NPR FOR THE DEAF: We Hear It Even When You Can’t


listen.gifFRESH AIR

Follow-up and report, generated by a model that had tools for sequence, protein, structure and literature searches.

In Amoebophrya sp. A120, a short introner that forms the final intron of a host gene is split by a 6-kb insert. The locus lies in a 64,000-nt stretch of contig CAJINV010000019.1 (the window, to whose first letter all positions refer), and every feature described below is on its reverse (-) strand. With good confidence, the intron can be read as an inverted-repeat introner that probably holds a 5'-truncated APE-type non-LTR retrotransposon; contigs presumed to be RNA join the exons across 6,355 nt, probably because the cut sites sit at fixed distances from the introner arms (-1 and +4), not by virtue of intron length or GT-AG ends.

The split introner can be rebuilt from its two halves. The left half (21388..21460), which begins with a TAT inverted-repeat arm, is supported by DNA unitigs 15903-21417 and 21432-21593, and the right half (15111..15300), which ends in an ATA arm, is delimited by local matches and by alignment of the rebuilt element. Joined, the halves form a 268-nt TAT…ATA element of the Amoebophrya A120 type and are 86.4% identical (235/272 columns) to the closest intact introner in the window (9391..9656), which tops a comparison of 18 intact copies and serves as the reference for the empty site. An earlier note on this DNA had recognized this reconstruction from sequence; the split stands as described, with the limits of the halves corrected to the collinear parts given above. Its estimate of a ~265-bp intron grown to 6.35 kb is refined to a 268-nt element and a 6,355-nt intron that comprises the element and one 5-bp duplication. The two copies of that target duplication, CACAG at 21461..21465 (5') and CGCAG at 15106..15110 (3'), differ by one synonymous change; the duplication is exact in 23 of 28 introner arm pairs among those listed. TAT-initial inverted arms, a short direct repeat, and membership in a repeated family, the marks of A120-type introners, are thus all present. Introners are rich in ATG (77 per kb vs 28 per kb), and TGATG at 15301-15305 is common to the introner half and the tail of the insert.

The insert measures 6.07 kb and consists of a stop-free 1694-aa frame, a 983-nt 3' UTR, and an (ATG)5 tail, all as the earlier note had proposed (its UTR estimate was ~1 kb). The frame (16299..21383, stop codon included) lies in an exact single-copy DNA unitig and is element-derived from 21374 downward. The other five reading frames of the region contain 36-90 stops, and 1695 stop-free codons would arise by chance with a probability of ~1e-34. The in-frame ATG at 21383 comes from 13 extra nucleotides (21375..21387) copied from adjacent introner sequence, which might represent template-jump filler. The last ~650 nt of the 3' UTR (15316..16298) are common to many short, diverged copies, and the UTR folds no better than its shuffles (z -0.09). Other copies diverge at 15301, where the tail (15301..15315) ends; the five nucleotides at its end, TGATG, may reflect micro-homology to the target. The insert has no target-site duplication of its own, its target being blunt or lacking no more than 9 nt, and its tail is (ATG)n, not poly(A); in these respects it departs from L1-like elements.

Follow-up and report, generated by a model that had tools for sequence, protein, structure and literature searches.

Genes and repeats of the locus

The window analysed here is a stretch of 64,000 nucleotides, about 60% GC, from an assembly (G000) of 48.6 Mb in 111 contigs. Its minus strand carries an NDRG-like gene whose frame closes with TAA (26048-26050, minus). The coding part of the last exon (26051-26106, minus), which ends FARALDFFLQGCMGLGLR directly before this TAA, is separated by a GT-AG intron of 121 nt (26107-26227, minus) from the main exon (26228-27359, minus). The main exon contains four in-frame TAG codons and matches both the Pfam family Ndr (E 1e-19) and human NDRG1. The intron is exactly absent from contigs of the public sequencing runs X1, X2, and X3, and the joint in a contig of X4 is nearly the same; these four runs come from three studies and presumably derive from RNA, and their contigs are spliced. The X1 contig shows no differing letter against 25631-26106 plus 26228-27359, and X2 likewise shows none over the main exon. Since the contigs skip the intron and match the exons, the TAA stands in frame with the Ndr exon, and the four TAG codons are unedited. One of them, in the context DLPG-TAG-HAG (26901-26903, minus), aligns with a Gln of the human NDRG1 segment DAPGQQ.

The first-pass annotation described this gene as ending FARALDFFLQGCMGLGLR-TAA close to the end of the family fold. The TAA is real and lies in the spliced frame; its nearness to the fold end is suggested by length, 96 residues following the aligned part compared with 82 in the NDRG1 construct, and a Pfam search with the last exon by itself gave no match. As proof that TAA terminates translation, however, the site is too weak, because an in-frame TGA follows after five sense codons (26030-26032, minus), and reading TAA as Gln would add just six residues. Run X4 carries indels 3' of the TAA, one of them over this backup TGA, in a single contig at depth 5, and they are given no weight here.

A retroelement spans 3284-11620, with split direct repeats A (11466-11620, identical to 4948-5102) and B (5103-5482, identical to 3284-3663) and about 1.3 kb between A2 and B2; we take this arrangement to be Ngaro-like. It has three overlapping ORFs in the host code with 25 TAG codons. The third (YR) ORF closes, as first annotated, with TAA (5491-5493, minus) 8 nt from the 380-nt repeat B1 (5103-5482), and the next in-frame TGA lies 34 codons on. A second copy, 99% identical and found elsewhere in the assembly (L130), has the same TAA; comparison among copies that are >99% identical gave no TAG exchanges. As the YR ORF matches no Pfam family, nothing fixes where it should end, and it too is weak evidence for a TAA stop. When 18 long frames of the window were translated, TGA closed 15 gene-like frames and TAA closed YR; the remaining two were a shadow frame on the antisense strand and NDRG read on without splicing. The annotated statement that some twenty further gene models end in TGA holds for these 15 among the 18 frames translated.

Karl Rove’s new memoir, Courage and Consequence: My Life as a Conservative in the Fight, details his lengthy time on the campaign trail and also responds to his many critics. In the book, Rove distances himself from the rumors that he spread false information during the 2000 election about John McCain fathering an illegitimate black child — a rumor credited with helping George W. Bush defeat McCain in the South Carolina primary. Rove also blames himself for improperly defending President Bush against accusations that Bush misled the American public about the reasons for the Iraq invasion in 2003. “I am under no illusions: the failure to find stockpiles of WMD did great damage to the administration’s credibility,” Rove writes in Courage and Consequence. “Our weak response in defense of the president and in setting the record straight is, I believe, one of the biggest mistakes of the Bush years.” Rove says the decision to go to war in 2003 was not based on wrong information from the Bush administration, but was based on wrong information from courage200_custom.jpgthe intelligence community.”Let’s stipulate: they got it wrong. And that’s a problem. Because policy makers make decisions based on the best available intelligence,” Rove tells Fresh Air. “In this instance, they got it wrong. Part of the reason is … because Saddam wanted us to get it wrong and part of the reason was, [Saddam] was doing things that were necessary to reconstitute these programs. … This is troubling. We’re great at doing things electronically and sweeping electrons out of the air … and mapping patterns but we are really not good — particularly in facing the enemy that we face — in getting actionable intelligence that’s based on human sources. It’s really difficult to do and as a result, we get it wrong.” Rove emphasizes that the Bush administration “did the right thing given what we knew at the time.” “Our country is safer for having removed [Saddam],” he says. “The world is safer. … We had to act in the aftermath of 9/11 on the basis of what we thought we knew. And the world is a better place for him being gone.” A year after the Iraq invasion, Rove helped Bush win a second presidential term. Rove continued to act as a senior advisor to President Bush until he left the White House in 2007. He currently works as a political analyst for Fox News and The Wall Street Journal and says he doesn’t plan to go back to managing campaigns. “You can’t go back in life.” he says. “I did that, and I enjoyed it. But you gotta go on to the next chapter in life.”

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